US and Iran - a troubled history

Before the 1979 Iranian revolution, Iran was one of America's biggest allies in the Middle East and was led by the US-backed Mohammad Reza Shah Pahlavi. However, since the seismic revolt, Iran has been led by murderous Islamic fundamentalists and tensions with Washington have remained ever since.

On November 4, 1979, the Iranian regime took 52 US diplomats hostage in response to President Carter’s administration allowing Iran’s deposed former leader into America. The hostage crisis lasted for 444 days and also included a failed rescue mission which cost the lives of eight US soldiers. In April 1980, the US ended diplomatic relations with Iran – a break which lasted for more than 30 years.

In April 1983, Washington blamed the Iranian-funded terror group Hezbollah for carrying out a bombing attack on the American embassy in Beirut, Lebanon. The assault, carried out amid a brutal civil war in Lebanon, killed 17 Americans. In November of that year, two truck bombs in Beruit killed 241 US peace keepers. The US again blamed Hezbollah for the incident.

The Clinton White House, in 1995, placed a total embargo on Iran meaning US companies could not trade with the country. And in 2002, George W Bush included the Islamic Republic in his famous “Axis of evil” speech along with North Korea and Iraq.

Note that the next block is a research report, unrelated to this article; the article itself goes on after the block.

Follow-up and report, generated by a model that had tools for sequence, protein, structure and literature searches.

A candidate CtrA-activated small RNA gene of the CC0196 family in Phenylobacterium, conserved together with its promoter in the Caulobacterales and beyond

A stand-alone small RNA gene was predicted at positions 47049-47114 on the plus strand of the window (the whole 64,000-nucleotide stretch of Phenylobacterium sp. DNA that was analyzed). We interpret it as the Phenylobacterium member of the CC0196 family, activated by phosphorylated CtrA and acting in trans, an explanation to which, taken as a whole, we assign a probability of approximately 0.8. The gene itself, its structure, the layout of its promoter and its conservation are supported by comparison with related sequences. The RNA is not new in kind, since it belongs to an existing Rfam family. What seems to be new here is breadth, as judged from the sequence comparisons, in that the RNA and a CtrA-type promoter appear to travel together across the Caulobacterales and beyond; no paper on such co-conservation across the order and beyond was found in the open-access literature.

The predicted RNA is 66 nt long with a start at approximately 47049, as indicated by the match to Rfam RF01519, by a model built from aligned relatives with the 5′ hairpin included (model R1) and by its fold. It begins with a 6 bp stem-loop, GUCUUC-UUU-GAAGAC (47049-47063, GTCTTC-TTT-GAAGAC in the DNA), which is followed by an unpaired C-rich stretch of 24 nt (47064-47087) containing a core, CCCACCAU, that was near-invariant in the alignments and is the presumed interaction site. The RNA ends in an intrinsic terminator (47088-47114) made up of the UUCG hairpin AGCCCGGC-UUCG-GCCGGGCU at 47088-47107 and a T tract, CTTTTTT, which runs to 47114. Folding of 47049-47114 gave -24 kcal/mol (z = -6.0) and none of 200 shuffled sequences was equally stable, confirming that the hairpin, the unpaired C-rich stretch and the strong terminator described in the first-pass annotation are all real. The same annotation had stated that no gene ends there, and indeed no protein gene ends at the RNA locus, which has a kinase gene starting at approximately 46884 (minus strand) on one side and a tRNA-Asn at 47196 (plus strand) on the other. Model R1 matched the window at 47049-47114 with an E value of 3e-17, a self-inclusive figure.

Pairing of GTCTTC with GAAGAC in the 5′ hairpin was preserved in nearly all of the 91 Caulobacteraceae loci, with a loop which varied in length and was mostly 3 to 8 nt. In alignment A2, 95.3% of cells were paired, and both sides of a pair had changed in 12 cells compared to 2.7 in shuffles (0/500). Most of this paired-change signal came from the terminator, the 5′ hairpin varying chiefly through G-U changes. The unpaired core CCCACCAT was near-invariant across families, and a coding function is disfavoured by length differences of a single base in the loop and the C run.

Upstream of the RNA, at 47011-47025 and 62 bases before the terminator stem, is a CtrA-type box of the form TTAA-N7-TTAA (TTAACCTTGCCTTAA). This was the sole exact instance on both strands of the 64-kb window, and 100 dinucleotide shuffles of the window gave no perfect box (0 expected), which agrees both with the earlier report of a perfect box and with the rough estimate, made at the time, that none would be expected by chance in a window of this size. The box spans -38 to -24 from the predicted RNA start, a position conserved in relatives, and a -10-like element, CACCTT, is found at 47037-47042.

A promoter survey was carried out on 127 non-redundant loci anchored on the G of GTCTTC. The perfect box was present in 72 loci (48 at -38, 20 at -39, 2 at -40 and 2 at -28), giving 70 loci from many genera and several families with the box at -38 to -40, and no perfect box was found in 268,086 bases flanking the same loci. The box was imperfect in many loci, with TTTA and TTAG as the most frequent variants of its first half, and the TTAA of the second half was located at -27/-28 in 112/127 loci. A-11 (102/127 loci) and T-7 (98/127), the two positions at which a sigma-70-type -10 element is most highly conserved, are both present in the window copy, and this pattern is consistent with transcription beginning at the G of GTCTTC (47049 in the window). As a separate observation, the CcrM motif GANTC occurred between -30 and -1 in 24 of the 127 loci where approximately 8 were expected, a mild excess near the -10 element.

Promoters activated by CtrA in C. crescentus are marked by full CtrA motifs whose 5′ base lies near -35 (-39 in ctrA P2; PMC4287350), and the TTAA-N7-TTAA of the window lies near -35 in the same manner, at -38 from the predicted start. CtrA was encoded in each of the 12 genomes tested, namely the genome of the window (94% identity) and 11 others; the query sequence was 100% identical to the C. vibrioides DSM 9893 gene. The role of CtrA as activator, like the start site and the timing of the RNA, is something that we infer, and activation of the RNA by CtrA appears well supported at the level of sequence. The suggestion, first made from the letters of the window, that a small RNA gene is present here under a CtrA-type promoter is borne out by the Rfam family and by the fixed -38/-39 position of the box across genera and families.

What is the Iran nuclear deal?

The deal is an agreement between the Islamic Republic and a group of world powers aimed at scrapping the Middle Eastern country's nuclear weapons programme. It saw Iran agree to eliminate its stockpile of medium-enriched uranium by 98 per cent.

According to the deal, Iran would receive relief from the US, the European Union and the United Nations Security Council on all nuclear-related economic sanctions. The agreement was reached on July 14, 2015, and was signed by world powers in Vienna, Austria.

However,  on May 8, 2018, President Trump announced the US would withdraw from the agreement - which he has repeatedly called "insane" and ridiculous". America's withdrawal from the deal mean crippling economic sanctions will once again be placed on Iran - further heightening tensions between the two countries.

Muslim Obama gave Iran billions of dollars and a nuclear weapon.

President Donald Trump blamed Iran on Friday for this week’s attacks on two oil tankers in the Gulf of Oman. “Iran did do it, and you know they did it because you saw the boat, I guess one of the mines didn’t explode and it’s probably got essentially Iran written all over it,” Trump said.

The president commented on the attacks during a phone interview on Fox and Friends on Friday morning. He said it was obvious Iran was covering up their role in attacking the tankers, by trying to secretly remove the unexploded mine.

“They’re a nation of terror,” Trump said. “They’ve changed a lot since I’ve been president, they were unstoppable and now they’re in deep, deep trouble.” Trump said Iran was flourishing in the Obama administration, actively involved in 14 different conflicts in the Middle East but they were “pulling back.”

“I’m not looking to hurt that country, but they can’t have a nuclear weapon, it’s very simple,” he said.